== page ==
Shops to be protected from becoming homes with new rule - full list of areas covered
A new planning policy aimed at preventing shopping areas from disappearing is coming into force.
The policy, brought in by Brighton and Hove City Council, removes the automatic right of owners of commercial premises, including offices, shops, restaurants and cafes, to change them to residential use without the need for planning permission.
The change applies to specific areas of the city.
The new rule, known as an article 4 direction, was required following a government decision to introduce national permitted development rights.
These gave owners of a wide range of commercial premises permission to change them to residential use, such as houses or flats, if they wanted to.
Permitted development means that an owner can make certain changes to their property without needing to apply to the council for planning permission.
At a meeting last month, the council’s tourism, equalities, communities and culture committee agreed that the permitted development rights could result in an unacceptable negative impact on shopping and office areas in the city and that a direction should be put in place.
The direction does not mean that all planning applications for a change of use will be refused.
Instead, it requires the submission of an application for consideration by the planning committee, who determine applications on their merits and by how well they fit with our planning policies.
The article 4 direction applies to Class E commercial, business and service premises including offices, retail, restaurants and cafes, indoor sport facilities and some healthcare facilities.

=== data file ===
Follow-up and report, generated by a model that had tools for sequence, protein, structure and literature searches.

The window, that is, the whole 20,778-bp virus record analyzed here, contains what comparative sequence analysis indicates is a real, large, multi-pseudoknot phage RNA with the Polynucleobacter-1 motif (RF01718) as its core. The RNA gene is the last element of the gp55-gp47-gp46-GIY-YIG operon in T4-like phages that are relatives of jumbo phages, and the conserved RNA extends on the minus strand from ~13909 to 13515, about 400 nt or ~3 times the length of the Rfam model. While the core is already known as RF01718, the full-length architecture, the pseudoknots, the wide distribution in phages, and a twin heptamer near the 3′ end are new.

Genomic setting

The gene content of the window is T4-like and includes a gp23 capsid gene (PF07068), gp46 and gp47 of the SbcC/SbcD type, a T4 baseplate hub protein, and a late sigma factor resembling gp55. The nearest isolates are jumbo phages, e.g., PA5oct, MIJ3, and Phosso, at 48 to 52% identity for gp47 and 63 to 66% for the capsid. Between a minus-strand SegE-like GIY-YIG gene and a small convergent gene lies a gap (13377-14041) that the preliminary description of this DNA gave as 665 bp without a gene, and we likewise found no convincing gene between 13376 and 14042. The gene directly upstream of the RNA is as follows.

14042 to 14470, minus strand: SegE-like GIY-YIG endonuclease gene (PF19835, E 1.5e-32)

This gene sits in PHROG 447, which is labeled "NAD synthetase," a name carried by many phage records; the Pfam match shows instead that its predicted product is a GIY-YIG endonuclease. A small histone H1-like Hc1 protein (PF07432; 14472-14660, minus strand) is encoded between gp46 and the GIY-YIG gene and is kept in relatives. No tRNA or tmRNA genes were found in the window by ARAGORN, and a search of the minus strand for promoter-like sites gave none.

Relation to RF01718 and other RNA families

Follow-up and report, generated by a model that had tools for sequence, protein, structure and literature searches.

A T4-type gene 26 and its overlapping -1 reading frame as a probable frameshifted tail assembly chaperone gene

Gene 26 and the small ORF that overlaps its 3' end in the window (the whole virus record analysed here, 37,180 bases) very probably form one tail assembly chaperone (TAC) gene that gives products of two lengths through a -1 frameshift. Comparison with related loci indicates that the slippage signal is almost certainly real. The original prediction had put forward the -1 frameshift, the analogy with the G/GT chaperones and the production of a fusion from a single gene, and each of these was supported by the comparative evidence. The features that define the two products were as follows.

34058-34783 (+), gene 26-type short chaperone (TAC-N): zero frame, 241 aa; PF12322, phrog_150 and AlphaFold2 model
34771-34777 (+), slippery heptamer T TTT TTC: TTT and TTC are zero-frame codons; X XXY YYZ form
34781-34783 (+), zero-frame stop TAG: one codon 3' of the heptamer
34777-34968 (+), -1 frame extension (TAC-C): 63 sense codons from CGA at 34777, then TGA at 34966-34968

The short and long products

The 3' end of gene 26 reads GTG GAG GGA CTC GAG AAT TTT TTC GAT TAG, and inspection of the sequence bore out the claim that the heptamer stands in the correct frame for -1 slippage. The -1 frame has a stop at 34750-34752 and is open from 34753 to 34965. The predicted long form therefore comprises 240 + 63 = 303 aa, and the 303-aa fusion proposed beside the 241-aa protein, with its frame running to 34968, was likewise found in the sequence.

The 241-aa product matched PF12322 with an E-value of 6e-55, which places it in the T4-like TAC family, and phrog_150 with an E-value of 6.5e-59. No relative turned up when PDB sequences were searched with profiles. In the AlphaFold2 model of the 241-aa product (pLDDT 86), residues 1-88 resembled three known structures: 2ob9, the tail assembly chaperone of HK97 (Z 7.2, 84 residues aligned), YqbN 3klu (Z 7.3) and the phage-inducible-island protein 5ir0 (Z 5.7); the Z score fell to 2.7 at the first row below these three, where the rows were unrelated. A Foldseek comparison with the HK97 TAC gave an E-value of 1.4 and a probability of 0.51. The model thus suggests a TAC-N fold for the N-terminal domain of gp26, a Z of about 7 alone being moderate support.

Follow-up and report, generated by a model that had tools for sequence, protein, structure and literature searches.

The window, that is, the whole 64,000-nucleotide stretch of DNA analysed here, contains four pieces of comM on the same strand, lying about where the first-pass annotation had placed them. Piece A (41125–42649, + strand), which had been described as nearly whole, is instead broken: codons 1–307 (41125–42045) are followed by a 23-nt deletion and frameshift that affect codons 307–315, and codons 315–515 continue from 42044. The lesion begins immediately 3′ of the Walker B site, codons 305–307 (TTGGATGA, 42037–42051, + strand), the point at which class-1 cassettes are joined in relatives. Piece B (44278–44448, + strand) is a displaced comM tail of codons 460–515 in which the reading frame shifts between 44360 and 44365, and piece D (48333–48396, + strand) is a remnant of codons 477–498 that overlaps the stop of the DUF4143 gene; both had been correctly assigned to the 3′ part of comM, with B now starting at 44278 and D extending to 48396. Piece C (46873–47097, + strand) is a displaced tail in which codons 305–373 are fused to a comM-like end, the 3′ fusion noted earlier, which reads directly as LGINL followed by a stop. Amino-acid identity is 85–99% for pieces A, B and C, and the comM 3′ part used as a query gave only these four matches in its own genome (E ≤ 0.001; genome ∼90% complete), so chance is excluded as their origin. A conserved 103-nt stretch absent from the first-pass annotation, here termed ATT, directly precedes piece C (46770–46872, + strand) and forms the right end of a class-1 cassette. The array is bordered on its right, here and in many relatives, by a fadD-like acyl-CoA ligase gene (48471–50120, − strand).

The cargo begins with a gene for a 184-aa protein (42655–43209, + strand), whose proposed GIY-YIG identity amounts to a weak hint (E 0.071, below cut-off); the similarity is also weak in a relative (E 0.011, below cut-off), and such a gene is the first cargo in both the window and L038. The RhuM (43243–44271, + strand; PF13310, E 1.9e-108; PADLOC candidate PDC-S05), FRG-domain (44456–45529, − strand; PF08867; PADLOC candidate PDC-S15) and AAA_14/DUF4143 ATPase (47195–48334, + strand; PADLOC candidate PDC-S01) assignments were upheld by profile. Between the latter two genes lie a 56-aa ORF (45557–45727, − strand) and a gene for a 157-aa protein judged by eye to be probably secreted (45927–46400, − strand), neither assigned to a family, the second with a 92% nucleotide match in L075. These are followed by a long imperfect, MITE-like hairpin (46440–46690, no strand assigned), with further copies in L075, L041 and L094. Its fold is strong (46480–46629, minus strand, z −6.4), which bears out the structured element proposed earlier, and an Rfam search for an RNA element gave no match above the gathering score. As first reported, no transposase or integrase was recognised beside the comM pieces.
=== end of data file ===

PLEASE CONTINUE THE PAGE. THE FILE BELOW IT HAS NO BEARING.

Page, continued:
The government’s department for levelling up, housing and communities agreed that the direction will apply to 32 locations across the city.
Councillor Martin Osborne, who co-chairs the tourism, equalities, communities and culture committee, said: “Local commercial centres and local shopping parades are important for the sustainability of our neighbourhoods.
“They provide easily accessible shops and services which can reduce the need for residents to make longer journeys into larger centres.
“Reducing the need to travel is particularly important for more vulnerable residents and those without access to a car.
“Protecting local shopping parades helps prevent increases in traffic movements and congestion and negative effects on air quality. The article 4 direction will contribute towards our zero-carbon goal and support the council’s ‘20-minute neighbourhood’ initiative.”
The protected areas are:
The Lanes, North Street and West Street
North Laine and Queens Road
The New England Quarter and London Road
St James's Street, Edward Street and Circus Street
Hove Town Centre
Boundary Road and Station Road
Fiveways and Hollingbury Place
Old London Road and Ladies Mile Road
Portland Road and Richardson Road
Rottingdean High Street
St George’s Road
Warren Way and Warren Road
Goldstone Villas and Hove Park Villas)
The junction of Old Shoreham Road and Sackville Road